Greater support needed for older Kiwis to close gaps in funded vaccine programme


Greater support needed for older Kiwis to close gaps in funded vaccine programme

Media release from GSK
4 minutes to Read
Unfiltered May 2022

Experts are calling for greater support for the thousands of Kiwis aged 65+ who are most at risk of an intensely painful and debilitating disease.[1]

Shingles is a viral infection caused by the reactivation of the varicella-zoster virus, the same virus that causes chickenpox. Even those who appear healthy but are aged 50+ are at risk of developing shingles.

Almost all adults aged over 50 already have the virus that causes shingles lying dormant in their body due to an initial chickenpox infection. Around a third of these will develop shingles in their lifetime when the virus reactivates.[2]

Shingles can also be intensely painful, and the disease is associated with a range of complications which for some people can include potentially long lasting nerve pain, vision loss, hearing loss, scarring and neurological problems and less common, cardiovascular and stroke events.[3][4][5]

Spokesperson for Grey Power, Jo Millar, says the currently funded vaccine programme has created several gaps that could leave many older Kiwis vulnerable to the disease.
She says there is a very specific window at which funded shingles vaccine doses can be accessed for those aged 65.

A shingles vaccine is free only for the 12-month period after a person’s 65th birthday. Two doses are funded, the first dose must be given in the 65th year. There is a cost for the shingles vaccine outside this time.[6]

“Under current funding guidelines, there is a considerable number of older people who missed out on getting the shingles vaccine, either because they were over 65 when it was funded, or because they didn’t get the vaccine in their 65th year due to them not knowing, or not being able to access a GP due to post COVID-19 measures.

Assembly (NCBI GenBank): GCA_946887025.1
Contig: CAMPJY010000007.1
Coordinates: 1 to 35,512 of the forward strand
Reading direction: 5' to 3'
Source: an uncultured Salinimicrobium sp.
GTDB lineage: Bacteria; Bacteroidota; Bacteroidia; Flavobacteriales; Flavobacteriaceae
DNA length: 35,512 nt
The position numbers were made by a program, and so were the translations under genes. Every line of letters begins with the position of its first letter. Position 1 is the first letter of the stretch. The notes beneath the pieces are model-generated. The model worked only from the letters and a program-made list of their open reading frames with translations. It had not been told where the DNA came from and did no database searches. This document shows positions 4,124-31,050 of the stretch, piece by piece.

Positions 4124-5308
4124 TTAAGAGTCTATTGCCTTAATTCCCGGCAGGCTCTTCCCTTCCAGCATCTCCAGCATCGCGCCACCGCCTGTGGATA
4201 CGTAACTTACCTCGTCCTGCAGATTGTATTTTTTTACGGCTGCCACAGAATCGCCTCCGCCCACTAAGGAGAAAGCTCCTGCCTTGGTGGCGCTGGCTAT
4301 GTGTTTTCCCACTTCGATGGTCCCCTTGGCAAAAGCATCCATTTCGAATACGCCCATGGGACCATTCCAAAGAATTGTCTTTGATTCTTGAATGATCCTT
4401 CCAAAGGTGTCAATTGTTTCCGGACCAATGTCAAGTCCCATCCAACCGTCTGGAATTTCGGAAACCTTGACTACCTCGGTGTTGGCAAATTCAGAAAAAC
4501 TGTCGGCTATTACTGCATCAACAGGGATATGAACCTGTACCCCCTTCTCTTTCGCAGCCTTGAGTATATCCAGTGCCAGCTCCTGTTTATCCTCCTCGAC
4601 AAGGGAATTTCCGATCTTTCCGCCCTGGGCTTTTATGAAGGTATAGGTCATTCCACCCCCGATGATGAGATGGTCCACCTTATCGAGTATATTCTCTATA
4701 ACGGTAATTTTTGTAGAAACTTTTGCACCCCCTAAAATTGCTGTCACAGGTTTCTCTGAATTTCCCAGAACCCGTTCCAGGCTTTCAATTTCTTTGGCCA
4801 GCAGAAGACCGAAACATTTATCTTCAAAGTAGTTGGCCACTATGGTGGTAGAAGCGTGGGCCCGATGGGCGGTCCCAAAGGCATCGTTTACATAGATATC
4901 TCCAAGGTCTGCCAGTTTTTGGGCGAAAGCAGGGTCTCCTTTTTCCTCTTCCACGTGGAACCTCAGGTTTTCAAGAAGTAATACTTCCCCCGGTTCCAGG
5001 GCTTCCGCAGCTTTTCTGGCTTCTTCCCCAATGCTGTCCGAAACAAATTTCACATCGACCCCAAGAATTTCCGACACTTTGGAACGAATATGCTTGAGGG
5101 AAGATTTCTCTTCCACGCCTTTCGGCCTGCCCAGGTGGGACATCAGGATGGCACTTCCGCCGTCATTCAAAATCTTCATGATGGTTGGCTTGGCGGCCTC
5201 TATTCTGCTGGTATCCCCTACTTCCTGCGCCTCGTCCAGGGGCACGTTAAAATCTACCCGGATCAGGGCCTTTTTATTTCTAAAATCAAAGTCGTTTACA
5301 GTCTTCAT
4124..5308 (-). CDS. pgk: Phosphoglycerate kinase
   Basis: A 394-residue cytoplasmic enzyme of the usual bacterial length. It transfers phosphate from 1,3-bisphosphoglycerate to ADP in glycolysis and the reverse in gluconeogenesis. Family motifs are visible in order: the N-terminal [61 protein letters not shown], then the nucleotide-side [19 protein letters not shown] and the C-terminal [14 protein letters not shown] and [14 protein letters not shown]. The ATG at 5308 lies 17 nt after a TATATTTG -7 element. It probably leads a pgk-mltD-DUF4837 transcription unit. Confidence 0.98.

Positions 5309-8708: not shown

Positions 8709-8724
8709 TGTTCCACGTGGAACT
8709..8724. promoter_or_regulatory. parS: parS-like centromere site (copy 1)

“There is an urgent need for funding for all adults over 65 years of age, who are at increased risk and have a reduced ability to pay for the vaccine privately. Many of our members are pensioners and they simply can’t afford to pay for the vaccine,” says Millar.

The number of Kiwis aged 65+ is expected to grow to 1 million by 2028 and reach 1.5 million by the 2050s.[7]

According to Ministry of Health pre-pandemic figures around 60% of hospitalisations due to shingles occur in adults aged 60+. It is believed that the number of those hospitalised annually (483) is a very small proportion of the total number of shingles cases, as most are managed at a primary care level by GPs.[8]

“What I’m concerned about is the number of our members who develop shingles when they are in their seventies and have ended up in hospital for three or four days unnecessarily.

”In todays society it is sadly not unusual for people to feel like they have become invisible once they turn 65. It should not be forgotten that 65 year olds and older are often still actively working whilst many also volunteer and contribute to society in invaluable ways. As such, it is clear a greater investment is needed when it comes to the health of 65’s and over”.

Geriatrician Dr Tyson Oberndorfer says anyone who has had chickenpox previously is at risk of developing shingles at some stage in the future, as the virus remains with us and is suppressed by our immune system.

“Our immune system is usually very good at keeping the virus in check, but as we age it becomes less effective, allowing the virus to reactivate. This is particularly debilitating in older patients, often with significant and lasting consequences – especially for those who are frail,” he says.[9][10] Dr Oberndorfer says older Kiwis are more at risk of developing a common complication from shingles known as postherpetic neuralgia (PHN).[11]